Robert Winston Mercy

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According to the description of I Hear no Bugles, “The central theme is Robert's war experiences as a platoon Sergeant of an all-Korean infantry assault unit within an American rifle company; and how a lifetime of absorbed film propaganda and an idealistic quest for honor and meaning plays out against the illusion-shattering reality experienced during 8 major campaigns. The author’s twin brother served with him. Collectively they earned 1 Silver Star, 2 Bronze Stars, 4 Purple Hearts and a Presidential Unit Citation for leading a bayonet charge. This is the only known recorded account by a frontline infantryman who fought in the first hectic year of the Korean War.


According to Dr. Wesley Britton, author of Beyond Bond: Spies in Fiction and Film, “Some call the Korean conflict the “forgotten war,” and it’s hard to refute this claim. There are too few histories in print, too few biographies of those who served.

Robert Winston Mercy’s unique memoir is a valuable contribution to filling this gap. But his story is more than recollections of his days in uniform. Beginning with descriptions of his youth watching war movies and how they shaped his expectations of combat, Mercy shows how Hollywood productions affect our cultural consciousness. Mercy’s perspective is like no other—a boy influenced by what he saw, a man enlightened by what he experienced, and finally, as an actor himself, a man who brought this background into his television and film roles.


Beyond all this, this very erudite author has written a very readable book with both human depth and thoughtful insights into the meaning of war in fact and fiction. It’s a nugget that should not be overlooked by historians or anyone interested in an era so long overlooked.”

Robert W. Mercy was raised in New York City and traveled extensively with his family during his formative years. He served in the New York National Guard starting at age thirteen, then the USMC and eventually the 11th Airborne Division before war broke out in Korea. He served with a rifle company and led an all-Asian assault platoon, earning a Silver Star, a Bronze Star, a Purple Heart and a Presidential Unit Citation for one of the many bayonet assaults his unit led during the eight campaigns in which he participated.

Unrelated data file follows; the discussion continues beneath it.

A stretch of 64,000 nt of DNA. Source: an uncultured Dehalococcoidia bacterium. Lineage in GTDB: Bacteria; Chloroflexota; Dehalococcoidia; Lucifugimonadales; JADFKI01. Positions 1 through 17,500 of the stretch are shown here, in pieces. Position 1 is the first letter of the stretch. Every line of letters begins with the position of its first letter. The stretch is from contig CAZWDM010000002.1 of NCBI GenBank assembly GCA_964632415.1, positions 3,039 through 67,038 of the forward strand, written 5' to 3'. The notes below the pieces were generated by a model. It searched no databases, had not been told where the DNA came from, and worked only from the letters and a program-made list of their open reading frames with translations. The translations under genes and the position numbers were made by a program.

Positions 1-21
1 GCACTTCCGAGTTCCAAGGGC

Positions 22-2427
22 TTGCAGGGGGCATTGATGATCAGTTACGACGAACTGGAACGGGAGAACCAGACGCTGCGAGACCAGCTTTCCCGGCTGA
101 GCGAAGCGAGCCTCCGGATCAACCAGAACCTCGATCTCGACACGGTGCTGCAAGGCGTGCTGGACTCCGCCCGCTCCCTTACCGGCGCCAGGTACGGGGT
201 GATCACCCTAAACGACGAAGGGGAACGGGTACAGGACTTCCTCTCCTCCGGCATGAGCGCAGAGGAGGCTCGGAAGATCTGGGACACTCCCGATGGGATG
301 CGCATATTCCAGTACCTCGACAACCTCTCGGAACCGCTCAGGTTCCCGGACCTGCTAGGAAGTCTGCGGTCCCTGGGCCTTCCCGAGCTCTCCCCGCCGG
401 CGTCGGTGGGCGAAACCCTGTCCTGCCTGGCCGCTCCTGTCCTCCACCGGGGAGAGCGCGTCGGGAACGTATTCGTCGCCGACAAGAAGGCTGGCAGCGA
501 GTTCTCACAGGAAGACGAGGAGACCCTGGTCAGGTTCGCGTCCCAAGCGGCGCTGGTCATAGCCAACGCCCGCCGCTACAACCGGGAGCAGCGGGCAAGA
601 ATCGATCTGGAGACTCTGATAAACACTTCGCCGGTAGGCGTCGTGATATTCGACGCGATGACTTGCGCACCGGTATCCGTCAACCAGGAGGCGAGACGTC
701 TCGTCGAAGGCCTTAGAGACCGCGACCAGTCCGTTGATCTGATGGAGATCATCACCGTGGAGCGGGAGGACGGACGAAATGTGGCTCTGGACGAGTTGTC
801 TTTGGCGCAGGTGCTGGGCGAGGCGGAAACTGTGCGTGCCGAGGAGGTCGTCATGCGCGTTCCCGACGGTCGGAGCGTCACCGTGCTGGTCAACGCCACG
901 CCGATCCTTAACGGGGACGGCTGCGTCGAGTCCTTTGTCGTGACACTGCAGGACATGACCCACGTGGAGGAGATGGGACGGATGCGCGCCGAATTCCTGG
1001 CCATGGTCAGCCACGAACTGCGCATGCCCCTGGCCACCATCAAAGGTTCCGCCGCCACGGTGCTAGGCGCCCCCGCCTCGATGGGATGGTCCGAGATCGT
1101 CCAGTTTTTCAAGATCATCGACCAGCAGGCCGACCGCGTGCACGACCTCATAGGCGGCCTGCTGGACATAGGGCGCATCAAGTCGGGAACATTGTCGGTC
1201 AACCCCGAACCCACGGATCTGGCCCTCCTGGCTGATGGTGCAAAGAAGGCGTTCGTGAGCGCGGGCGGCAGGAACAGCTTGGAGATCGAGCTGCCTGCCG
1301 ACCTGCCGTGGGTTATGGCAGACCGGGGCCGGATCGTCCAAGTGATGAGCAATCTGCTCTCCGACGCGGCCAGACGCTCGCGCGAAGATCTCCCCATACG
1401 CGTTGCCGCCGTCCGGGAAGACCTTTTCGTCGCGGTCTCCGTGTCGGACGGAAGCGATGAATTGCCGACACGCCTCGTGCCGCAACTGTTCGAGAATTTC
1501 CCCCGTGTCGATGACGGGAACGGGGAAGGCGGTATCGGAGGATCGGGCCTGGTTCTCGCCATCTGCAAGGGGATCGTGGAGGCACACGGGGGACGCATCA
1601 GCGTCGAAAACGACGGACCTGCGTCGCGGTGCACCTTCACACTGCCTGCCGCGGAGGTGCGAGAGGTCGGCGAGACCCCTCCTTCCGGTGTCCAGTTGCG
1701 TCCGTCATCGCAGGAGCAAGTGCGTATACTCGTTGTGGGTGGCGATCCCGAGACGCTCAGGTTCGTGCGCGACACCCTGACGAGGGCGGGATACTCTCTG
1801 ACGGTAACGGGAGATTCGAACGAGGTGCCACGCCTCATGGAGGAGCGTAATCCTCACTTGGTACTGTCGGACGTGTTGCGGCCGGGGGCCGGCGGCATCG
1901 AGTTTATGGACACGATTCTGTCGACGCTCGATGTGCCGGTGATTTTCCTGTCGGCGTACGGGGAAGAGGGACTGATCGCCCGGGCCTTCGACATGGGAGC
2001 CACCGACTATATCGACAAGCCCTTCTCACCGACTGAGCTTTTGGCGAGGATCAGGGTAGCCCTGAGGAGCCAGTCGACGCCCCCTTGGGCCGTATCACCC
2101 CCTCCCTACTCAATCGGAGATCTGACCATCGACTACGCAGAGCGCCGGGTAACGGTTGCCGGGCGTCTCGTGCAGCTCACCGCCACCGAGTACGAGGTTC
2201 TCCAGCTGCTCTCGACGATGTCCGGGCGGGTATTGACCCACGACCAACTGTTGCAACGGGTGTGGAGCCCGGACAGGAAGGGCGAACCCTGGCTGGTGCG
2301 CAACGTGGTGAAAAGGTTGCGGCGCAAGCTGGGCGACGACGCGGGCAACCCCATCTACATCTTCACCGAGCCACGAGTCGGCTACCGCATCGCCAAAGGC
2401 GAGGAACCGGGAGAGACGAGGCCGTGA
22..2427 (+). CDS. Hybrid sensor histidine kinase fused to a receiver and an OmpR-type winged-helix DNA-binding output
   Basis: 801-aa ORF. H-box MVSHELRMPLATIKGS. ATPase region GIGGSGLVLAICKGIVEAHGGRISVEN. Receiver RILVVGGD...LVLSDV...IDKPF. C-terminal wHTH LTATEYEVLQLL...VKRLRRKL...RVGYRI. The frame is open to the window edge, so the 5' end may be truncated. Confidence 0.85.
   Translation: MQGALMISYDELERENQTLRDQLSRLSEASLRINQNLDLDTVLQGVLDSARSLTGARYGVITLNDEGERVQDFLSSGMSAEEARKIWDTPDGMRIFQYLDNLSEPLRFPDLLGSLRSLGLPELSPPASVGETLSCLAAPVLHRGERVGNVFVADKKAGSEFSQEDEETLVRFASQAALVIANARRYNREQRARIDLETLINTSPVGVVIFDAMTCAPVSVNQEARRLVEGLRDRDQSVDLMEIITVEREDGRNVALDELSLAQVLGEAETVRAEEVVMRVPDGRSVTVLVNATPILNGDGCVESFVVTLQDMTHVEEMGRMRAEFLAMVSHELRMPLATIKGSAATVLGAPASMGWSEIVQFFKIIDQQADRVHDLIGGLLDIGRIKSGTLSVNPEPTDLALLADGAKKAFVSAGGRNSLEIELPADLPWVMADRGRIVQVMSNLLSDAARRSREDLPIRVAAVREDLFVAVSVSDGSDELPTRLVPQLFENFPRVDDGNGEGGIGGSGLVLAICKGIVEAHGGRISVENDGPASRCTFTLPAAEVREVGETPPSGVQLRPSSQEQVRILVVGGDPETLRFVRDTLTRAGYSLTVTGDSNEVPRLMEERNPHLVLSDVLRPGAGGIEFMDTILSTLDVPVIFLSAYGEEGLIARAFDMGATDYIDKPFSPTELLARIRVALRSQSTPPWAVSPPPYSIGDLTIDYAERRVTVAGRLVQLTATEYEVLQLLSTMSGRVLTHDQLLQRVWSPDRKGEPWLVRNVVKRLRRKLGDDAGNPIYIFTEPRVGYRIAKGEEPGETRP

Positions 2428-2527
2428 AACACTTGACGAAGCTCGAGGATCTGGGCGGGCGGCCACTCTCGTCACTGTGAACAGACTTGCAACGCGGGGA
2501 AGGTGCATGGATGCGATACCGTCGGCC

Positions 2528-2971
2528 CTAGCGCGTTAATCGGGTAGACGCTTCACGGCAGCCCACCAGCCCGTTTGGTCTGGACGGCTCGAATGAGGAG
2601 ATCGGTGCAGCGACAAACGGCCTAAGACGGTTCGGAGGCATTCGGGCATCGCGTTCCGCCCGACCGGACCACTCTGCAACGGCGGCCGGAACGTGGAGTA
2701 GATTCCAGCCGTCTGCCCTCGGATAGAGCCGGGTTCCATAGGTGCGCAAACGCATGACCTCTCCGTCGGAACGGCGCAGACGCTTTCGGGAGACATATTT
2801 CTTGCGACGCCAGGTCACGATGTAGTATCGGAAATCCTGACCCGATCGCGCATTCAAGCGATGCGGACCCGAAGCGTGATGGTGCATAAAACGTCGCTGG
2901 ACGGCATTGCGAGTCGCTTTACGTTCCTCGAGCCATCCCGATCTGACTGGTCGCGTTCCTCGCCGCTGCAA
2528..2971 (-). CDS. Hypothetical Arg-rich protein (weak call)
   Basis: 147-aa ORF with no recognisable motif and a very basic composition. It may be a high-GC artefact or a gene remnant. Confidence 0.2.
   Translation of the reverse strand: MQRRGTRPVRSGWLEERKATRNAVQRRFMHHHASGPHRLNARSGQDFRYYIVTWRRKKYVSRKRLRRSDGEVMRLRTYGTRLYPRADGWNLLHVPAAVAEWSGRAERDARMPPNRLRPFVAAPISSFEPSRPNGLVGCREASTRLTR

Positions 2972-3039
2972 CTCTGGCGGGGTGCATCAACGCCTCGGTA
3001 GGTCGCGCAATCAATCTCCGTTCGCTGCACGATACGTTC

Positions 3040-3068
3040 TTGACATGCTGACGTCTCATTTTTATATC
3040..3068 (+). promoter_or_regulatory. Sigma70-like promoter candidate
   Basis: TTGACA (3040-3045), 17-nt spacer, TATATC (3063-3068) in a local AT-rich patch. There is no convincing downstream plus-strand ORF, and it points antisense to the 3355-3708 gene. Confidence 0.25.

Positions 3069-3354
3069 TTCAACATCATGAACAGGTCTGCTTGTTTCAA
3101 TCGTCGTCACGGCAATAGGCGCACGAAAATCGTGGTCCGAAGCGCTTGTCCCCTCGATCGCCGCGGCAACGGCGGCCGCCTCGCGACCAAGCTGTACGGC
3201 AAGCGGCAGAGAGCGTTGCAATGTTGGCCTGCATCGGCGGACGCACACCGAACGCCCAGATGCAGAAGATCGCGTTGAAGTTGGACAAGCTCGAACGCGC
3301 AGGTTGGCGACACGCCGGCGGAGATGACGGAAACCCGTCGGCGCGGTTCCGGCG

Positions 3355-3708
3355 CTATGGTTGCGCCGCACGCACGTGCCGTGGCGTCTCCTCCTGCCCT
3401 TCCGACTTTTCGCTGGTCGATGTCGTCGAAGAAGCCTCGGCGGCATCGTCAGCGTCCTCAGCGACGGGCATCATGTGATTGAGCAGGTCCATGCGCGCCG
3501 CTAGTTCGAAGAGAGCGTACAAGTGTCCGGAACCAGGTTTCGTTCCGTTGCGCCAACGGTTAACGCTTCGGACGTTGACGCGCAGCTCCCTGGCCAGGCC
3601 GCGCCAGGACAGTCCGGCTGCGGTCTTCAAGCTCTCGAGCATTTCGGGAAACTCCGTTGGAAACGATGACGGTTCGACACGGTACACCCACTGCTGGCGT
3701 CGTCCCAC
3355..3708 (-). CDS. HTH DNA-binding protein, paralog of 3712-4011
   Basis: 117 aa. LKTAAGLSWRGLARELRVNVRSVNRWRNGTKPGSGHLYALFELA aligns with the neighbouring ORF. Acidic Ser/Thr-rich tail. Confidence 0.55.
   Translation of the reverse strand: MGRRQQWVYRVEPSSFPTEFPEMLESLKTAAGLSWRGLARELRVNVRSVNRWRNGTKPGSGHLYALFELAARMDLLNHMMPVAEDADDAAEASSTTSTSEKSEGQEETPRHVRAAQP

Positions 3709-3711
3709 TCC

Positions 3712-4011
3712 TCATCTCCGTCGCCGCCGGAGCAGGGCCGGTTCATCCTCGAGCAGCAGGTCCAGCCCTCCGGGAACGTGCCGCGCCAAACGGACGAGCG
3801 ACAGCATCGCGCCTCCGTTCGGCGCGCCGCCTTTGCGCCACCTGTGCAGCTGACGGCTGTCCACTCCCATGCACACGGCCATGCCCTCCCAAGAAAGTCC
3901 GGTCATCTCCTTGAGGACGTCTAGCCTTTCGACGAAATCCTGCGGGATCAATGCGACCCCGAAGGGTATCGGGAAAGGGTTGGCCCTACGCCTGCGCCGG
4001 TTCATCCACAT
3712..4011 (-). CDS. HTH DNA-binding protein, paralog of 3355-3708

After he left the military, his long-standing film interest projected him into a theatrical career in which he played leading and support roles in several major television shows (including "Combat!") and films. While doing off-Broadway shows and commercials, he pursued a life-long interest in psychology, particularly dream analysis, and earned a Bachelor of Arts Degree at Norwich University. He then continued his Masters studies at NYU.


Robert has lectured at medical schools and appeared on numerous radio talk shows discussing his independent study work on Dermatoglyphics and the profiling of personality. He successfully combined and applied all of those modalities in The Manhattan Actors Lab, a group therapy/acting workshop that he founded. He has also enjoyed a tremendous success bringing out the inner lives of his students.


Literature, psychology and helping others develop their acting skills have remained his primary interests, and he recently taught a Community Theater program at Humboldt State University in Northern California.


He’s a successful artist working in oils, practices Buddhism and has toured his one man Shakespearian show in many northern California communities.


He’s presently up for a major supporting role in an independent film and is preparing to present his newly written one man show—An Evening with James Mason; and the impersonating skills that got him into theater in the first place.  Robert Winston Mercy is the author of I Hear no Bugles.

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